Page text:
It’s common for Americans to know someone with a current or past drug addiction—and it’s an experience that mostly cuts across demographic and partisan lines. A Pew Research Center survey conducted in August found that 46% of U.S. adults say they have a family member or close friend who is addicted to drugs or has been in the past. Identical shares of men and women say this (46% each), as do identical shares of Democrats and Democratic-leaning independents when compared with Republicans and Republican leaners (also 46% each). There are no statistically significant differences between whites (46%), Hispanics (50%) and blacks (52%).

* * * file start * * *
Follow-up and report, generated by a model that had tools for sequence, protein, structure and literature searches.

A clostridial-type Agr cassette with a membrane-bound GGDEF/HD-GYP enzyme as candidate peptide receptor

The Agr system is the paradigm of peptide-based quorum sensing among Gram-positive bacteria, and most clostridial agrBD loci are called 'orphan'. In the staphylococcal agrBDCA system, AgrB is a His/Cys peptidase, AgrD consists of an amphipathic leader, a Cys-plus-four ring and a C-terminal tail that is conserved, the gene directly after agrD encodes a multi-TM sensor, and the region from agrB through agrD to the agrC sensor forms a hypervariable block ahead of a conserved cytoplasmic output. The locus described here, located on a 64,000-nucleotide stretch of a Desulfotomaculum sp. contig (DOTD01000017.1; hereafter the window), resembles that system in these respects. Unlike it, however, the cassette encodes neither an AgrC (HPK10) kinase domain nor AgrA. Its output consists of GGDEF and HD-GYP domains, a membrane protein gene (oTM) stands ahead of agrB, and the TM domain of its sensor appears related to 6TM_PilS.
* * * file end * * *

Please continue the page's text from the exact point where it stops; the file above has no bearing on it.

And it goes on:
It’s obvious that huge numbers of men and women are touched by this crisis and are looking for answers—and that the audience for community discussions cuts across all the other lines that divide us these days.
NOTE TO READERS—Please, share this week’s Cover Story with friends via social media or email with a suggestion to spark further discussion. If you want to print out this particular data-packed section of the story, you will find an easy-to-print button at the end of the text, below.
This Story Will Surprise You
Were you surprised to find the opening quote from Jesuit teacher Pierre Tielhard de Chardin? A longer version of his verse appears in the middle of King’s book. It illustrates a central theme of this combined memoir and manifesto: This vast problem took a long time to manifest itself across our entire landscape—and it is going to take a long, multi-faceted response before it will subside.